We know that sometimes animals have unlikely friendships. Whether it's circumstances that throw them together or they just happen to find a friend from another species, animals will occasionally become pals, creating an unconventional alliance.
These unusual relationships cause a certain amount of double-takes — and they're often incredibly adorable — but there's also a scientific benefit to studying odd animal friendships.
“There’s no question that studying these relationships can give you some insight into the factors that go into normal relationships,” Gordon Burghardt, a professor in the departments of psychology and ecology and evolutionary biology at the University of Tennessee, told The New York Times.
Cross-species bonds typically occur in young animals, and they're also common among captive animals that have no choice but to seek each other out.
“I think the choices animals make in cross-species relationships are the same as they’d make in same-species relationships," Marc Bekoff, professor emeritus of ecology and evolutionary biology at the University of Colorado, told Slate. "Some dogs don’t like every other dog. Animals are very selective about the other individuals who they let into their lives.”
And when predator and prey become buddies, that requires serious trust from the animal on the prey end, Bekoff points out.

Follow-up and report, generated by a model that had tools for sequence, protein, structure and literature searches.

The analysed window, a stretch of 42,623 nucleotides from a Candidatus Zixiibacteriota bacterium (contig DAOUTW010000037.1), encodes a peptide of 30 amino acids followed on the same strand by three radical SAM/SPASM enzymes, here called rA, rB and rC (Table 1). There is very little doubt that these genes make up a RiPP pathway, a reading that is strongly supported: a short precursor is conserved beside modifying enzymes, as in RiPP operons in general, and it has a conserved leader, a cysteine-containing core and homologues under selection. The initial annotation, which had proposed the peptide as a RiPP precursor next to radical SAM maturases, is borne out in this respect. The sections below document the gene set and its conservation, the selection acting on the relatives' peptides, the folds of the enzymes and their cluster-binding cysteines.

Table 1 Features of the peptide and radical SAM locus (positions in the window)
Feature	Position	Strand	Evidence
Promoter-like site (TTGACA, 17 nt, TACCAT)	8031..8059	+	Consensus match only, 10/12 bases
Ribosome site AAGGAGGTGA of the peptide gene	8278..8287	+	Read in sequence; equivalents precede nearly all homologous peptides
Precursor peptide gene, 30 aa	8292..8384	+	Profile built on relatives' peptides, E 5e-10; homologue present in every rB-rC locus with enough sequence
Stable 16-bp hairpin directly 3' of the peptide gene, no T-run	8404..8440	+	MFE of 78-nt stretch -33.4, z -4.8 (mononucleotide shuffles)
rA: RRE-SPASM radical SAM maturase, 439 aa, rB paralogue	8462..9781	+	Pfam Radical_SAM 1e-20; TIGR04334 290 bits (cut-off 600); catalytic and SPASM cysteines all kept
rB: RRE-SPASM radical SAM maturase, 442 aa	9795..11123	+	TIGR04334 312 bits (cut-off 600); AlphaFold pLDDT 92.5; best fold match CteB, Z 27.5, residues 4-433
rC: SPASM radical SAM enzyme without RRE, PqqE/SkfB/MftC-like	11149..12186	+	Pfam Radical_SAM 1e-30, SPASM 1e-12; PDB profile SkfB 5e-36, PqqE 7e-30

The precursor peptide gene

The polar bears at SeaWorld San Diego in happier times. (Photo: samantha celera [CC BY-ND 2.0]/Flickr)
Animal friendships — whether in their own species or outside — can be very meaningful. Consider the story of Szenja, a 21-year-old polar bear who died at SeaWorld San Diego in mid-April after an unexplained illness including loss of appetite and energy, according to The San Diego Union-Tribune. Szenja had recently been separated from her long-time companion, Snowflake, who had been sent to the Pittsburgh Zoo & PPG Aquarium for a breeding visit. The pair had been together for 20 years. The polar bears made headlines in March when more than 55,000 people signed a petition not to separate the "best friends."
In a statement, PETA Executive Vice President Tracy Remain said Szenja died of a broken heart.
Here's a look at some animal odd couples that have forged lasting bonds.
A llama nuzzles its sheep friend. (Photo: Katriona McCarthy [CC BY 2.0]/Flickr)
Editor's note: This story has been updated with new information since it was published in April 2017.